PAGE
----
Some counselling is for a set period of time such as six or twelve weeks, sometimes this can be extended for another six or twelve weeks. It is also possible to agree to different numbers of sessions. In these cases there will be a planned ending. Sometimes counselling can be open ended where you go every week without a definite finishing date. If you know in advance that you want to stop having counselling you should let the counsellor know so that you both can bring the counselling relationship to a close and you can consider what, if any support you will need once you stop having counselling. All counselling relationships end at some point so you should not feel guilty saying that you want to end. Often people stop counselling for periods and return at a later stage if they need this type of support again.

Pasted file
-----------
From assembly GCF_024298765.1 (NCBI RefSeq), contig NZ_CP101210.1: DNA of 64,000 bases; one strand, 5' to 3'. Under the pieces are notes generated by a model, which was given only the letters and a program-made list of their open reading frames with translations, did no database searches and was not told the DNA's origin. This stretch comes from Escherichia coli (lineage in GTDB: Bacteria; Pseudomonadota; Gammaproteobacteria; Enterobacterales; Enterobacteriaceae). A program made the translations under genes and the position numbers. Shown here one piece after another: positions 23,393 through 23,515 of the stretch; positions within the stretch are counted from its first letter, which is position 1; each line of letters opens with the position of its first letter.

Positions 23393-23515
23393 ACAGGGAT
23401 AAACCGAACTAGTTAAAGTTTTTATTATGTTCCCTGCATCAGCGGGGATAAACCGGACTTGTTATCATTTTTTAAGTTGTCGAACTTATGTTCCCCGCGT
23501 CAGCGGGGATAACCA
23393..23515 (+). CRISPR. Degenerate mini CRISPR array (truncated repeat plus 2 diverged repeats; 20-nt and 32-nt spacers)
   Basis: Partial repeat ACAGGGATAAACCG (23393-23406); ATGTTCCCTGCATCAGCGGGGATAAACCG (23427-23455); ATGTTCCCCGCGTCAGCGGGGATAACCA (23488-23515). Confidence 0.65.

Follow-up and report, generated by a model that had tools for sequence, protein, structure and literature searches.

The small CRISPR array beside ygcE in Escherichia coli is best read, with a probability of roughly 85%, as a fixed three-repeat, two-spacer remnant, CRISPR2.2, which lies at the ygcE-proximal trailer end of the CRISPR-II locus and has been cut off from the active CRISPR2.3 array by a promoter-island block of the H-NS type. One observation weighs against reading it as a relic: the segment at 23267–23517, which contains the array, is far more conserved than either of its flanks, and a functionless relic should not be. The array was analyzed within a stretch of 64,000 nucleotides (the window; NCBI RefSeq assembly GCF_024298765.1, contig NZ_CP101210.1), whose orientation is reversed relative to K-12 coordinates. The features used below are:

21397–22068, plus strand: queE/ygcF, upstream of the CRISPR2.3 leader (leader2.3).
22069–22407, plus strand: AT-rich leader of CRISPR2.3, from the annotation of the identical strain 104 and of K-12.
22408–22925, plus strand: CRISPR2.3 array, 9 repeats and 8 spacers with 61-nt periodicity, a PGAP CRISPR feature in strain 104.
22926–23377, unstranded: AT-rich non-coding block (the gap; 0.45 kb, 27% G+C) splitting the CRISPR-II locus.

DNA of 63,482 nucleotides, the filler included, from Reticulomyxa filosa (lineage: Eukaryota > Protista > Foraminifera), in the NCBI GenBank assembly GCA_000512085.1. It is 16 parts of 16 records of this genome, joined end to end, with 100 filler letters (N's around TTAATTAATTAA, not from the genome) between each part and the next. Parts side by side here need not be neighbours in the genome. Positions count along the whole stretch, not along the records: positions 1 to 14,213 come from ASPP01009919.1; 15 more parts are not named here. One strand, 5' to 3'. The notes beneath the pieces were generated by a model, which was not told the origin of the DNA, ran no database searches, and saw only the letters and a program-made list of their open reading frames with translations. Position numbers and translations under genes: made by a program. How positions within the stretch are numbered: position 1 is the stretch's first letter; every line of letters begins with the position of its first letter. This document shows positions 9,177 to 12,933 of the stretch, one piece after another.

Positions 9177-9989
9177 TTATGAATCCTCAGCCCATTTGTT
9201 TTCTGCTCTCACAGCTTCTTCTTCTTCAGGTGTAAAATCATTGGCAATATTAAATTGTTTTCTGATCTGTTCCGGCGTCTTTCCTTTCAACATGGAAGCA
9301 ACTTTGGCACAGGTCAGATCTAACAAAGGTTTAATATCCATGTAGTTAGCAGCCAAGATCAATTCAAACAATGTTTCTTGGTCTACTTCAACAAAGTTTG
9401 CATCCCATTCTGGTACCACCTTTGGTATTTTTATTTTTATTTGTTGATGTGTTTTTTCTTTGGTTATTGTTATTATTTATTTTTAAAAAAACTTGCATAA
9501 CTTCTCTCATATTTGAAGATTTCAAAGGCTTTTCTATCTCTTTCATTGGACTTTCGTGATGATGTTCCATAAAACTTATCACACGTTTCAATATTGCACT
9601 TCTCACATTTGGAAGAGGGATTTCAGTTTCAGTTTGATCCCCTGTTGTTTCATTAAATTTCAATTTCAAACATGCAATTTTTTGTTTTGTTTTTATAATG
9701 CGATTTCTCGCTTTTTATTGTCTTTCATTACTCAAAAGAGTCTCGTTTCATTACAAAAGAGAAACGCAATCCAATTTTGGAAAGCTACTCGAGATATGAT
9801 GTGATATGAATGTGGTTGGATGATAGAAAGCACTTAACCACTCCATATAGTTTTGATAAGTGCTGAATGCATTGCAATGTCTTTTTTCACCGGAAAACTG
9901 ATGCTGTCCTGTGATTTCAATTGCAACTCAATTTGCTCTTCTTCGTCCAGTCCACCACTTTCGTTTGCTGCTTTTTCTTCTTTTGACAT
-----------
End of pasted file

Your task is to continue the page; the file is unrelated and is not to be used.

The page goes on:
We designed this page from the questions we are most often asked by people who are considering counselling. We hope it goes some way towards answering yours. If you have other further questions you would like to ask, or if you think it would be useful for a specific question to be included on this page please feel free to email us. The purpose of this page is to demystify counselling and psychotherapy and make it more accessible to everyone. If as a result of reading it, you decide to proceed with counselling regardless of who you go to, then this page has done the job we wrote it for. The answers to questions on this page are general and you may find that some counsellors work in a different way. Only work with what feels comfortable and ok for you. It is perfectly alright to visit several counsellors before deciding on the one you want to work with. Thank you for reading.